But, don’t worry if homemade black beans are not at hand. These molletes can easily be made with other types of beans or canned beans of your choosing. Black, pinto, or Peruvian beans would work well with this recipe.
Gouda is not a Mexican cheese, but it is widely available here, already sliced for sandwiches or tortas. It is meltable and mild flavored, making it a crowd-pleaser. I use Gouda for this dish because I typically have it on hand. But, really any meltable cheese will work…Monterrey jack, manchego, you get the idea.
If you want to use traditional Mexican cheese for this dish, try Oaxacan or asadero cheese. Both melt and are mild flavored.
Putting it all together
Mexican molletes are so easy to make and a total crowd-pleaser that I bet once you make these, they will become part of your regular meal rotation.
First, get your oven preheated to about 350F. Next, you will need to slice your bread lengthwise to expose the soft center of the bread. Place the 8 bread halves on a metal baking sheet.
Once your bread is sliced, evenly divide the bean puree among the bread halves, about 1/4 cup per slice of bread. If you are starting with whole beans, take a minute to mash them by hand or give them a quick go in the blender until they are smooth. If you are using canned refried beans, I would suggest adding a bit of water or broth and giving them a good stir so the consistency is more easily spreadable.
Now that your bread is topped with the beans, place a slice of cheese on each open-faced sandwich and pop the baking sheet into the oven.
These only take a few minutes in the oven, about 7 minutes total, for the bread to toast up, the beans to heat through, and the cheese to melt!
While waiting for these to come out of the oven, I suggest whipping up a quick batch of pico de gallo.
If you want the cheese golden brown and bubbly, set them under the broiler for 1-2 minutes!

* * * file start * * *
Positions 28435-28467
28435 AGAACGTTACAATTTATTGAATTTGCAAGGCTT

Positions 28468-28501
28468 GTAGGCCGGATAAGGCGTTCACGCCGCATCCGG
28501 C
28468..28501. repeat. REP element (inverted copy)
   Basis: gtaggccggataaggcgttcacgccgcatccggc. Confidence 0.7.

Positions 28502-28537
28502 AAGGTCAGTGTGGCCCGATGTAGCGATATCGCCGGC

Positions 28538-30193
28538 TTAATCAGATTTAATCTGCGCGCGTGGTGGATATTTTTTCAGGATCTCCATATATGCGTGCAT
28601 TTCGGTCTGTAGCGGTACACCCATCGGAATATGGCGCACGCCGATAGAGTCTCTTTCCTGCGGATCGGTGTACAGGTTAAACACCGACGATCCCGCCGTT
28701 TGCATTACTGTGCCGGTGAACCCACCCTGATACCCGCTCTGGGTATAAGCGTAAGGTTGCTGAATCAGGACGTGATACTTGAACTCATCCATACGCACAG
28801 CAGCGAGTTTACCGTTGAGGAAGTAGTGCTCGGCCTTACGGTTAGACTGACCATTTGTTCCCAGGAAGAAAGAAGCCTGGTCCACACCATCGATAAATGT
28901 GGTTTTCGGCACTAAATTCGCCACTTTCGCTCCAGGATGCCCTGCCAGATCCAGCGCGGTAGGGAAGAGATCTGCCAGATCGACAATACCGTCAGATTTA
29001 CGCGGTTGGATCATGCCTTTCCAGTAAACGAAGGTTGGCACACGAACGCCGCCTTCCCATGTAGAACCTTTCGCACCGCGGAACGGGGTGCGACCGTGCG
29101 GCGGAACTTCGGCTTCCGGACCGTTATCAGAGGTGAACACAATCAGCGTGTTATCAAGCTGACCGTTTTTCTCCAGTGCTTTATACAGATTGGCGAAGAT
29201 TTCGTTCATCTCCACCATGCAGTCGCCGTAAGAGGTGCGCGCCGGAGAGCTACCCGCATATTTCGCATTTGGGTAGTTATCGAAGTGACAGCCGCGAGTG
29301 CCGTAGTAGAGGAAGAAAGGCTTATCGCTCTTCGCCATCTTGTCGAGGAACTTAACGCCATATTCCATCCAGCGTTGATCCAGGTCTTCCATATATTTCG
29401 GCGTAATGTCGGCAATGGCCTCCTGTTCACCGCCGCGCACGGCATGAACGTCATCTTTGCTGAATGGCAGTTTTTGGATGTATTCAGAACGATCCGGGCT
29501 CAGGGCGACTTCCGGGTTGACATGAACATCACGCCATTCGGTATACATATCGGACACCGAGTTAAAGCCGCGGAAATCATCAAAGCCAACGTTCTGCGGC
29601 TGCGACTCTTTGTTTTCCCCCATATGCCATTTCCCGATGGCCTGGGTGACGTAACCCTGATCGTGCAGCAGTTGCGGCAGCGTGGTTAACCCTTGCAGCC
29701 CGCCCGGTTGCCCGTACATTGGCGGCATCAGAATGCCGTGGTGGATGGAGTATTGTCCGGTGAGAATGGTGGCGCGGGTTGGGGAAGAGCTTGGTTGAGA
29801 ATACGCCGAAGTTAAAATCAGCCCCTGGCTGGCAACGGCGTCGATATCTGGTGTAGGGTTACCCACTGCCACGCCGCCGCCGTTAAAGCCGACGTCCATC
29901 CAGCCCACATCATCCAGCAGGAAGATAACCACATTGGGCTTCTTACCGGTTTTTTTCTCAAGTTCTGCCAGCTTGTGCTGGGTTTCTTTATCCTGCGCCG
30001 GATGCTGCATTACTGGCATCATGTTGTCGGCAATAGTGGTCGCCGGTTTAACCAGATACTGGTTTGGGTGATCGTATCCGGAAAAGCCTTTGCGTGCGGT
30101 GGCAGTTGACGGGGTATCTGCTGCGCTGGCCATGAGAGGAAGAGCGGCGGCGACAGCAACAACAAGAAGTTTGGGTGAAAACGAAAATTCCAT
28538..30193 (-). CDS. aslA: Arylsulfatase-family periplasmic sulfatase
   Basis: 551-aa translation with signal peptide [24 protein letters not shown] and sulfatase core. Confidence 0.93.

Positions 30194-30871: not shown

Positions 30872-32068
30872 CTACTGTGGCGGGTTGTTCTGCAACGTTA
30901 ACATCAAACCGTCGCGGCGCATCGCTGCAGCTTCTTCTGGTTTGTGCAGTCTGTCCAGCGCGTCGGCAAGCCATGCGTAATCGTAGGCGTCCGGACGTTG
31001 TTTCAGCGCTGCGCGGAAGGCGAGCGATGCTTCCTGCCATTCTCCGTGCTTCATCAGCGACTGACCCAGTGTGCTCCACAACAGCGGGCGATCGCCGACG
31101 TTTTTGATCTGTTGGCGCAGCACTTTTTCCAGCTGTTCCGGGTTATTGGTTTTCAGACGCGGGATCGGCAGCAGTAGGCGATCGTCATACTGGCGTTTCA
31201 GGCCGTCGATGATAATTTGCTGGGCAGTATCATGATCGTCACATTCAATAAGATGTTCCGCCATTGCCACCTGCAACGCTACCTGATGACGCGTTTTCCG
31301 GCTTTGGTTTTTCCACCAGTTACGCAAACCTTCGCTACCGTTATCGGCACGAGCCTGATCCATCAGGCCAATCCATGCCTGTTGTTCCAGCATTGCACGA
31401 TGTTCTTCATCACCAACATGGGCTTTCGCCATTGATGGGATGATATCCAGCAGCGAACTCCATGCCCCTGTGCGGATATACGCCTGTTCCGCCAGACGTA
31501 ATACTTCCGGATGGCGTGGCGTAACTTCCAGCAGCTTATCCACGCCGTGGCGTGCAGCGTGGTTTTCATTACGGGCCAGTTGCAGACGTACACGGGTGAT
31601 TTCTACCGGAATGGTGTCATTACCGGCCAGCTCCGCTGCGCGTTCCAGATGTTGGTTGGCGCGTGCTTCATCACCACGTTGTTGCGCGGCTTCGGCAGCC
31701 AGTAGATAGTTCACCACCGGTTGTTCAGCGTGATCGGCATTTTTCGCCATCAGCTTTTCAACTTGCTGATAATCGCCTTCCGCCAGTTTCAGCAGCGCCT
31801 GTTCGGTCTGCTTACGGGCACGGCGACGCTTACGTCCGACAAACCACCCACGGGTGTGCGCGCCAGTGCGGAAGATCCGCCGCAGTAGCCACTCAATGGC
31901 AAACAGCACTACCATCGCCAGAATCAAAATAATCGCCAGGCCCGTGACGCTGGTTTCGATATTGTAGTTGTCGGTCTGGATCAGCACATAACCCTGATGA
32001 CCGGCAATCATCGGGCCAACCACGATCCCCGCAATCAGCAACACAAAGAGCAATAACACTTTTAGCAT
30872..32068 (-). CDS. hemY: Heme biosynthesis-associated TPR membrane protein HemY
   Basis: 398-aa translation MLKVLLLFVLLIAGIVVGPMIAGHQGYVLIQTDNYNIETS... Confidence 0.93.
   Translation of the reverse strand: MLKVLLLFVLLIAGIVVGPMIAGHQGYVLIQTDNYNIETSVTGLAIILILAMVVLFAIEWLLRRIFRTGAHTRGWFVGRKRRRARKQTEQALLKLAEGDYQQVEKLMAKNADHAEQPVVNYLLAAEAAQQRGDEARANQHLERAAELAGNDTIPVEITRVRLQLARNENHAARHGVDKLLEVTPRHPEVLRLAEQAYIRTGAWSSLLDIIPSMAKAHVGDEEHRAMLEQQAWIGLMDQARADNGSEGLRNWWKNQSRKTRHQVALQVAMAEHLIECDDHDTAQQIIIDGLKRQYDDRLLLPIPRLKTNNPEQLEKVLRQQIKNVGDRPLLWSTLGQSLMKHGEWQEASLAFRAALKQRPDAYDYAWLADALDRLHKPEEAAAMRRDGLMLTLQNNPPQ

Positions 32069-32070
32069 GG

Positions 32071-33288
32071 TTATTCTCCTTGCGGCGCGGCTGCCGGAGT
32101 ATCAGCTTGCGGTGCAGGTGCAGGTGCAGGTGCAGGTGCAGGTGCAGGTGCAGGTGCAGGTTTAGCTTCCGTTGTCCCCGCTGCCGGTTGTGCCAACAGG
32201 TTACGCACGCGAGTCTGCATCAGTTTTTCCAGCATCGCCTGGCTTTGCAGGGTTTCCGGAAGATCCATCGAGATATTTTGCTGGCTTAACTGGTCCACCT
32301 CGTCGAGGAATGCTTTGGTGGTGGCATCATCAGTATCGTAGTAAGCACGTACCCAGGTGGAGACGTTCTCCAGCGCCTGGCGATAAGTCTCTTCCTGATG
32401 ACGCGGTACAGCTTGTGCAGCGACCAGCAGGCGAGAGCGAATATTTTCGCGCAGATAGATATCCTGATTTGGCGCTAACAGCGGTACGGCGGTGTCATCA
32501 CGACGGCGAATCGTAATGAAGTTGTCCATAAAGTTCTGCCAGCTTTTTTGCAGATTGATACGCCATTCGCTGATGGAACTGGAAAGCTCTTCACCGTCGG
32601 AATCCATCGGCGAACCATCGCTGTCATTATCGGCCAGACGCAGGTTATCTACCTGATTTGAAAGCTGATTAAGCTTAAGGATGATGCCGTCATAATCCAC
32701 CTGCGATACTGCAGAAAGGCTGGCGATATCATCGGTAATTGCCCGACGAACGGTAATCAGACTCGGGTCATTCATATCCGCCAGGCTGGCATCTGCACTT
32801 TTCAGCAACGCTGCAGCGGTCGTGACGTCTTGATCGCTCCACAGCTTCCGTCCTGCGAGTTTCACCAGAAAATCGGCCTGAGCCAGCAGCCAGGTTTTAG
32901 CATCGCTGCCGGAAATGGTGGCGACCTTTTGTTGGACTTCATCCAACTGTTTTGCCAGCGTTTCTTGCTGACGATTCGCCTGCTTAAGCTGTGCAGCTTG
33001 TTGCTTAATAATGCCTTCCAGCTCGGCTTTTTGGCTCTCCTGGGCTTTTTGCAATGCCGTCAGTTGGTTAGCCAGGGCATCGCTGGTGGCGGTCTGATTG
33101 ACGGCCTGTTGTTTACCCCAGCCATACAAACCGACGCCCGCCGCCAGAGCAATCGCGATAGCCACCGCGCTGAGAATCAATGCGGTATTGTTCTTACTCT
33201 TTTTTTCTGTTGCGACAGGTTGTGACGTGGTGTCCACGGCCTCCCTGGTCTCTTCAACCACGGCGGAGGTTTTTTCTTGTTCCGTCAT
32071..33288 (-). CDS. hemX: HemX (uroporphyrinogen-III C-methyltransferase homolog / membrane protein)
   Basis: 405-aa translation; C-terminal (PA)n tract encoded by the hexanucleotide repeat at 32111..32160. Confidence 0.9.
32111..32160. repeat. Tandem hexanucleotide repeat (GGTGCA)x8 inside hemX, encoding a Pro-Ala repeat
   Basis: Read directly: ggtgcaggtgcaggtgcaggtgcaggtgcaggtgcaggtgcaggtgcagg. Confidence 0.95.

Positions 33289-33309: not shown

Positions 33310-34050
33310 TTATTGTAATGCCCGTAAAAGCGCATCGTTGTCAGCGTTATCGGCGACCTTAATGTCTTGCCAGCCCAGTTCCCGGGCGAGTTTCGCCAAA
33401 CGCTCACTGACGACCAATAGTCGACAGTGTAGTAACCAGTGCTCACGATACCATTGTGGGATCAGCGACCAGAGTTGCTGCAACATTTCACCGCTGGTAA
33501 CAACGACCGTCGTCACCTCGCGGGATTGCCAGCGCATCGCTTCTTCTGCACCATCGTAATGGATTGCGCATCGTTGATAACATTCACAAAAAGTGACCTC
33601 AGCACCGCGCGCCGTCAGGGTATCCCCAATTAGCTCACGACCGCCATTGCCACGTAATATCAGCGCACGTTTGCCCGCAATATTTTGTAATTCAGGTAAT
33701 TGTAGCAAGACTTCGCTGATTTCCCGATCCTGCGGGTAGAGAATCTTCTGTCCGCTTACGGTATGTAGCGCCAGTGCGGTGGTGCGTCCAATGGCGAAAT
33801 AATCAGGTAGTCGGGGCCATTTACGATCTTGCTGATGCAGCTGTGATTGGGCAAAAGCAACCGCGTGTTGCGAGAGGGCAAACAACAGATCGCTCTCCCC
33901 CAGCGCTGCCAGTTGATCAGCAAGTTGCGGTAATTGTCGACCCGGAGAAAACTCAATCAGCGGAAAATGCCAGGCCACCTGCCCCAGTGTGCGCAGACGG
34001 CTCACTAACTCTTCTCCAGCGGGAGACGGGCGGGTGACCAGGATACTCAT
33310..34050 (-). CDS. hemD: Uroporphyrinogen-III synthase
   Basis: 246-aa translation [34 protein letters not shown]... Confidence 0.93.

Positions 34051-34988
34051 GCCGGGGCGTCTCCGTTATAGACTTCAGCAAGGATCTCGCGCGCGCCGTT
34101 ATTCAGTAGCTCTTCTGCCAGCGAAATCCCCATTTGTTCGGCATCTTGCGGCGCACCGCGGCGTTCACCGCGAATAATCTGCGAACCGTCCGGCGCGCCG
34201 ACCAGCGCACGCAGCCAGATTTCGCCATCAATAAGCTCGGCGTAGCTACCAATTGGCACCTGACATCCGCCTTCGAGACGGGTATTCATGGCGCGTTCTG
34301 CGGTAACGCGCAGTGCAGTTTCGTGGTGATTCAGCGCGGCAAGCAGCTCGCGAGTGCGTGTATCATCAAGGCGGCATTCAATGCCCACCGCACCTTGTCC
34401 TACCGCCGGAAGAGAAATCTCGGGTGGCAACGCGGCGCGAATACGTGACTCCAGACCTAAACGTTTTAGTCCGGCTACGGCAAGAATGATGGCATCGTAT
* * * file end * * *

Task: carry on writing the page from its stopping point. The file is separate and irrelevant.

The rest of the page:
Once out of the oven, enjoy these immediately. Load them up with cooked chorizo, sliced avocado, pickled jalapeño peppers, or a big spoonful of pico de gallo!
Mexican Molletes (Open-Faced Bean and Cheese Sandwiches)
- 4 Teleras (Mexican bread) See notes
- 2 cups black beans, pureed or mashed Can substitute for equal amounts of pinto or Peruvian beans
- 8 slices gouda cheese Can substitute for manchego, Monterrey Jack, Oaxacan, or asadero cheese
- Pico de Gallo to taste
- Preheat oven to 350F
- Split the bread in half lengthwise to create 8 slices for the open-faced sandwich. If needed, remove some of the bread in the center of the slices to create more room for the toppings. Place the bread halves on a baking sheet.4 Teleras (Mexican bread)
- Evenly divide the beans among the bread and spread evenly2 cups black beans, pureed or mashed
- Top each piece of bread with a slice of cheese8 slices gouda cheese
- Bake for about 7 minutes or until the beans are heated through, the bread is toasty, and the cheese is melted and bubbly.
- If desired, broil on high for another 1-2 minutes to allow cheese to become golden
- Remove from oven and serve immediately. Top with pico de gallo as desired.Pico de Gallo to taste
- Teleras are a type of Mexican bread. If you cannot find this kind of bread, bolillos (another type of Mexican bread), sub rolls, or even sections of French bread or baguette could be substituted.